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Britain's Got Talent: Simon Cowell returns, review


Simon Cowell. Photo: Getty Images

Simon Cowell. Photo: Getty Images

Simon Cowell. Photo: Getty Images

Simon Cowell made a much-needed return to Britain’s Got Talent last night for the first live semi-final. And fittingly for the svengali’s comeback, the acts with most pop crossover potential prevailed.

The process took two hours - padded out by way too many ad breaks and a pause for Coronation Street – but in the end, 12-year-old singer Ronan Parke and 19-year-old pianist Paul Gbegbaje progressed to Saturday’s final.

It was an indictment of the questionable quality of the acts that the main talking point was Cowell. In particular, his physical appearance. He was introduced in silhouette – a strangely familiar one, thanks to that square head and broom-bristle hair – to the strains of the Superman theme, hopefully with tongue in cheek.

When the lights came up, Cowell was sporting a 70s-style suit with flared trousers, shirt unbuttoned to the waist and as much fake tan as simpering sidekick Amanda Holden. He was also puffy around the eyes – jetlag, perhaps, but leading to speculation about possible “procedures” or even an angry punch from spurned X Factor US judge Cheryl Cole, axed last week on the basis of her Geordie tones.

Talking of whom, hosts Ant and Dec greeted their returning boss with the cheeky enquiry: “Before we go any further, Simon, can you understand our accents?” This drew gasps and giggles from the studio audience, a tight smile from Cowell.

He didn’t know any of the eight acts’ names, amusingly, but Cowell did add some gravitas and star quality to the panel of Holden, the seemingly befuddled David Hasslehoff and puppyish Michael McIntyre.

Cowell could barely conceal the pound signs in his eyes when pint-sized crooner Parke performed. The precocious Norfolk schoolboy duly won the most viewer votes. The judges were split on the second-placed act, so it went to the phonelines and Gbegbaje edged out stunt cyclist Joe Oakley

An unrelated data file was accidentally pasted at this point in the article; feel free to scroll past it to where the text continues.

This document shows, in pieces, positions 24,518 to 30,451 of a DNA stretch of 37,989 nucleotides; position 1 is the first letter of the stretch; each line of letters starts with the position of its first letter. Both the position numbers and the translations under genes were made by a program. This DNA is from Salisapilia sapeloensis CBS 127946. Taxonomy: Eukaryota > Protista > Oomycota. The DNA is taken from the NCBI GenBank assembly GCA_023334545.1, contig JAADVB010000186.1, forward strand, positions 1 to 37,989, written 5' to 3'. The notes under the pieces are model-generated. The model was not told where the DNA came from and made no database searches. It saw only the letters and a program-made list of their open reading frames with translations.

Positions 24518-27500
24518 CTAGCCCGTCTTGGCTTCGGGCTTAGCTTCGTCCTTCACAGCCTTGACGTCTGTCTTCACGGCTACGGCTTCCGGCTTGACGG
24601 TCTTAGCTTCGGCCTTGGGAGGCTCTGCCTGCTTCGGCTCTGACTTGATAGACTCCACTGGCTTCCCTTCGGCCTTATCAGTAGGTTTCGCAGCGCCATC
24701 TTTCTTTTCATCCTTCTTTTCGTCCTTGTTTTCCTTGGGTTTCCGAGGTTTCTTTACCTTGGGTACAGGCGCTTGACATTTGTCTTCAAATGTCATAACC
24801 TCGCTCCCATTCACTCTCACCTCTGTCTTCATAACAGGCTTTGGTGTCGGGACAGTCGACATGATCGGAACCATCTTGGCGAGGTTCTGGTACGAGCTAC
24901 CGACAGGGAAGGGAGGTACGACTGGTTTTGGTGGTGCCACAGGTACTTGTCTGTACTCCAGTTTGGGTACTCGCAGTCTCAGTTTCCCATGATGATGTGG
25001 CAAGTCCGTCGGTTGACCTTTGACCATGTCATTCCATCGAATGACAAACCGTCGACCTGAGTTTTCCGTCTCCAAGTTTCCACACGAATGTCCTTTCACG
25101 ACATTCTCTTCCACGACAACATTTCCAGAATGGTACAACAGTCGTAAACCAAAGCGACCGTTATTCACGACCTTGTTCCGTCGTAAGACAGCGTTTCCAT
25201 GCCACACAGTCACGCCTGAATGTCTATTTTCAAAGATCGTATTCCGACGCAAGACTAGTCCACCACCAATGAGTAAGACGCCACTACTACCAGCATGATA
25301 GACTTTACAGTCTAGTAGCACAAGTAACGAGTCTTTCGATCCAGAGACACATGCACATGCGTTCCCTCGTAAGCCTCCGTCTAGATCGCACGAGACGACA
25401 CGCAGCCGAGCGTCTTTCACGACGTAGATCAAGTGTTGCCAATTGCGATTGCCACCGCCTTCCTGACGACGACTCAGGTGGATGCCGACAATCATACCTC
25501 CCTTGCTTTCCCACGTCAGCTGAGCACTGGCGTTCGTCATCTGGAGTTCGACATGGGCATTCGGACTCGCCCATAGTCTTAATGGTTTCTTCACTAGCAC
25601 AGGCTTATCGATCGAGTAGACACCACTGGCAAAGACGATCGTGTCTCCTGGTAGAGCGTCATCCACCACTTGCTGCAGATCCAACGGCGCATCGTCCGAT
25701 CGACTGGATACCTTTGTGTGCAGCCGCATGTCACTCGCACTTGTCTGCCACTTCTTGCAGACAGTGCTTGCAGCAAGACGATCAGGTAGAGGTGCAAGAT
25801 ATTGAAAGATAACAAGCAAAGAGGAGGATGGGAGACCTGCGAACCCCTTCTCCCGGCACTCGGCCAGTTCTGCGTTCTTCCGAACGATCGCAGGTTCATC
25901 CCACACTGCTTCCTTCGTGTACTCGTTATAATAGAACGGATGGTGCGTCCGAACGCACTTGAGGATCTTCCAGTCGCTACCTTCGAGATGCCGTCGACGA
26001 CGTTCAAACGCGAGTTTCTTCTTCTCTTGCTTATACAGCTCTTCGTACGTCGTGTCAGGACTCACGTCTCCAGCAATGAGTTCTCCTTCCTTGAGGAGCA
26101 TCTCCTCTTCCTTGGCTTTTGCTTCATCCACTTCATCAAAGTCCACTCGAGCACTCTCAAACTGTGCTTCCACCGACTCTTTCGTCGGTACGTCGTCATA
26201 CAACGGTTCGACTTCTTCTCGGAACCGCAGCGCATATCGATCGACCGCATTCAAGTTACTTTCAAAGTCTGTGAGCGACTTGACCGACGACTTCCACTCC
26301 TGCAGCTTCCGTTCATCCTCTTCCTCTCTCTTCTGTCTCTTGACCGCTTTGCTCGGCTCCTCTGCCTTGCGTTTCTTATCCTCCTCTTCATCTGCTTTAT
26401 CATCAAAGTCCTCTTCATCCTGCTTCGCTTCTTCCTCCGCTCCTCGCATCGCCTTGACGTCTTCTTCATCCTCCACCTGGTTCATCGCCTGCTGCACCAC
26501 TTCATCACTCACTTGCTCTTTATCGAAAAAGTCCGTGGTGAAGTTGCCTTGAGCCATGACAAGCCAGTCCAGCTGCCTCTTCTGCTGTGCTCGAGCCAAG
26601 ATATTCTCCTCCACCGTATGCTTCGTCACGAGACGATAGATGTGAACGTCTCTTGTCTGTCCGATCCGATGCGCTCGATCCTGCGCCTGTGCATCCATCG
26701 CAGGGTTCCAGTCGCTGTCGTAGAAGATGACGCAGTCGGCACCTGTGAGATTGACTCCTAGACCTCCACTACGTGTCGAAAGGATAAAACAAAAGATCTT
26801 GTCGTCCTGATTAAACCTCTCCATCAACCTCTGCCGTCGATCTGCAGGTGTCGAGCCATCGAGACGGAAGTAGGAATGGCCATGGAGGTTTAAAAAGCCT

Elsewhere among the seven acts, there was lots of novelty and little talent. There were a couple of eccentrics in Donelda Guy with her dancing sheepdogs and Arnold Schwarzenegger impersonator Stuart Arnold. Both were briefly amusing but would soon annoy if you lived next door to them. Martial arts duo The Bruce Sistaz, like cyclist Oakley, were impressive rather than entertaining, using pyrotechnics and pumping music to cover awkward staging.

The remaining two turns left a slightly sour taste. Girls Roc were little more than lingerie-clad lapdancers striking poses with snakes and fire. The leering reactions of Cowell and co-judge David Hasslehoff were all too predictable. Ted & Grace – a 92-year-old duetting with his granddaughter – led to an outpouring of judgely wisecracks about his age, deafness and faculties that rapidly wore thin. Disrespectful and patronising to the army veteran.

It was all overlong and overblown, but interest in Cowell’s comeback just about carried it. With these live semi-finals stripped across the week’s schedules, though, the talent needs to play a bigger part – or Cheryl Cole won’t be the only one throwing things at the screen.